By The Mekong Eye
Dawei, Myanmar, February 7, 2016
Dawei is a seaside community of less than 5,000 families, in one of the world’s least developed corners. Myanmar’s ever widening borders, however, have lured investments here on a scale beyond anything previously conceived within Southeast Asia.
The Dawei Special Economic Zone envisions nearly 200 square kilometers of industrial development, a deepsea port and associated road, rail and pipeline links to neighboring Thailand and beyond.
Photojournalist Taylor Weidman captures the faces of Dawei as they they contemplate what lies ahead. Will their fisheries and betel nut farms still provide viable livelihoods? Will new jobs be available to them and their children or be taken by more higher skilled prospects from outside? Will environmental controls be sufficient and sufficiently enforcement to protect the community, and the natural resources that now sustain it?
Not knowing what’s headed their way, much less able to comprehend the scale of transformation upon them, Weidman’s images capture a people awaiting the future with both excitement and apprehension of what’s to come.
Taylor Weidman lives in Northern Thailand. In August 2015 he traveled to Dawei with support from the Mekong Partnership for the Environment. As a regular assignment photographer for Getty Images, his work has appeared worldwide, including The New York Times, TIME, National Geographic and others.
Fisherman dries his nets in Bawar Village, near the Dawei SEZ.
Women prepare to leave a market in Nabule, a village inside the boundaries of the planned Dawei SEZ in Nabule.
Peering out their classroom window, it’s yet uncertain how well the this generation will be prepared to take advantage of the opportunities promised by the Dawei SEZ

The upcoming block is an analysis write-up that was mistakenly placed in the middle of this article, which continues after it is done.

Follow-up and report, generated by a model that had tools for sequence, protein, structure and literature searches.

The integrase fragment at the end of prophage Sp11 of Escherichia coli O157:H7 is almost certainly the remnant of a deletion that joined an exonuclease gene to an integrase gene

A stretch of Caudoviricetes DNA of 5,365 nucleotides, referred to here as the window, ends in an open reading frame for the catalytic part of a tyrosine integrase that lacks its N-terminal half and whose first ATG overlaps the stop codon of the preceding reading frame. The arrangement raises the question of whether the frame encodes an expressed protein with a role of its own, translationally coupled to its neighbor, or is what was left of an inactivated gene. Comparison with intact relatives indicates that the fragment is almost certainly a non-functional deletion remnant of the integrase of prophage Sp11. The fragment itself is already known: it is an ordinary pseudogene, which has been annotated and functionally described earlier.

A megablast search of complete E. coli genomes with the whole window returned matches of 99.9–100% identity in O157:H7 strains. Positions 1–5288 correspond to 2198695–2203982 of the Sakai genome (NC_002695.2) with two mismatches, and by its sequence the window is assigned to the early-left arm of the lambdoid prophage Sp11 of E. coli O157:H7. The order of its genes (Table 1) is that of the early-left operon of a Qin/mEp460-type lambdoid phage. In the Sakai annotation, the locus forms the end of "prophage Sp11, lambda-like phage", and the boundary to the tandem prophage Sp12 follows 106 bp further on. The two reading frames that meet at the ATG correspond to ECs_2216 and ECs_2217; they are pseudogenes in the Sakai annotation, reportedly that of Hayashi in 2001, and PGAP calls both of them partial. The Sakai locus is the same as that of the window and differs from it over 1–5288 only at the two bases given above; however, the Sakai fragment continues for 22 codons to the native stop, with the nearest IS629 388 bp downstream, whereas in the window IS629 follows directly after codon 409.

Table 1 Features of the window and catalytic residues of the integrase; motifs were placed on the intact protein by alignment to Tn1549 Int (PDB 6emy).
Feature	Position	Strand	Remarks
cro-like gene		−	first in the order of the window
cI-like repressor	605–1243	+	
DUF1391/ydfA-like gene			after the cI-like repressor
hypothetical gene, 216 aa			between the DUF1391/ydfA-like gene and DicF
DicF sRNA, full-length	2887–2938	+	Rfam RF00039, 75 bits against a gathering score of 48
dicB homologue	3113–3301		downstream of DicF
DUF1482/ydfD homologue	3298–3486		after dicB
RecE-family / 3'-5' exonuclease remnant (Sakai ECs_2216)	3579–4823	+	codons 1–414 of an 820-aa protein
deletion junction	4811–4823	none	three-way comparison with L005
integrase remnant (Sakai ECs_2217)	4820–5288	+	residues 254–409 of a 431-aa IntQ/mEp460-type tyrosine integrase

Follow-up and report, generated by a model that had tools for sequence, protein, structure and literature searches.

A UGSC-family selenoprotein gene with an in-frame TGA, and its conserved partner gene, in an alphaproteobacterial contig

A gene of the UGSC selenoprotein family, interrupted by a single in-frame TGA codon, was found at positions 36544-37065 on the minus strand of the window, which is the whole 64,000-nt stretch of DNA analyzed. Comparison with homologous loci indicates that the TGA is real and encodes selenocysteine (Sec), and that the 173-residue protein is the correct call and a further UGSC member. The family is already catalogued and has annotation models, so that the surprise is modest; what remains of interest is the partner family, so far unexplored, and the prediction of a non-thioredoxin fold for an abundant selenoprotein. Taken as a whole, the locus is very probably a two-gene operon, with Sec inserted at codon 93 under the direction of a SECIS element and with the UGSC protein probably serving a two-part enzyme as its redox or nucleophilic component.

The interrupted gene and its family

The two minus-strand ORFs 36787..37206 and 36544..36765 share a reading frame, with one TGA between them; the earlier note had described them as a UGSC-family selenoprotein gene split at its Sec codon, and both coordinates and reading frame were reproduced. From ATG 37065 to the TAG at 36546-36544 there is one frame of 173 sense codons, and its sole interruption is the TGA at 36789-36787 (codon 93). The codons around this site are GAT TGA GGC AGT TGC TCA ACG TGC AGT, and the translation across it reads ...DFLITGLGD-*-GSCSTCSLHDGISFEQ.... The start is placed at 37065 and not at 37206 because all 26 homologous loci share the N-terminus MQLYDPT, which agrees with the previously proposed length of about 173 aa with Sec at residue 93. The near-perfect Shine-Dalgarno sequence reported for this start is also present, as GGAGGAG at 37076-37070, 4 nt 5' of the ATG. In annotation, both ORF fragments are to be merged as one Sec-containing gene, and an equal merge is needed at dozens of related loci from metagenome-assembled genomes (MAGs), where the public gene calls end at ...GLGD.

Water buffalo graze in a field inside the planned Dawei SEZ. A site not uncommon in neighboring Thailand not long ago, but now tractors have largely replaced these beast of burden.
Fisherman displaced by construction at the Dawei SEZ in Nabule never occupied this resettlement village, preferring to seek out locations more suitable for continuing their livelihoods and lifestyles.
A woman rides her motorbike past KM 0, marking the beginning of the new road from the Dawei SEZ in Nabule 160 kilometers to the Thai border.
The coal-burning electricity plant built to power the Dawei SEZ construction effort.
Crab is a major source of income for fisherman in Maungmagan, near the vicinity of the deep sea port planned for the Dawei SEZ
A monk stands in front of a monastery near the planned Dawei SEZ in Pantininn.
Bags and boxes of cashew nuts, a renowned crop from local farmers, sit atop a counter at a market inside the planned Dawei SEZ in Nabule.
Men play pool in a hall near the planned Dawei SEZ in Maungmagan.
A woman rests with her son in a seafood sorting area near the planned Dawei SEZ in Maungmagan.
Removing fish from nets near the Dawei SEZ in Maungmagan, Burma.
Idle machinery sits inside a rock quarry used for the construction of the planned Dawei SEZ in Nabule.
Cutting a boy’s hair in a fishing village near the Dawei SEZ.
Repairing equipment at the construction site of the interim port facility for the Dawei SEZ in Ngapitat.
These images were produced by Taylor Weidman/Getty Images in collaboration with The Mekong Eye and Mekong Matters Journalism Network, with full editorial control to the journalist and their outlet. All images are owned by and available for purchase from Getty Images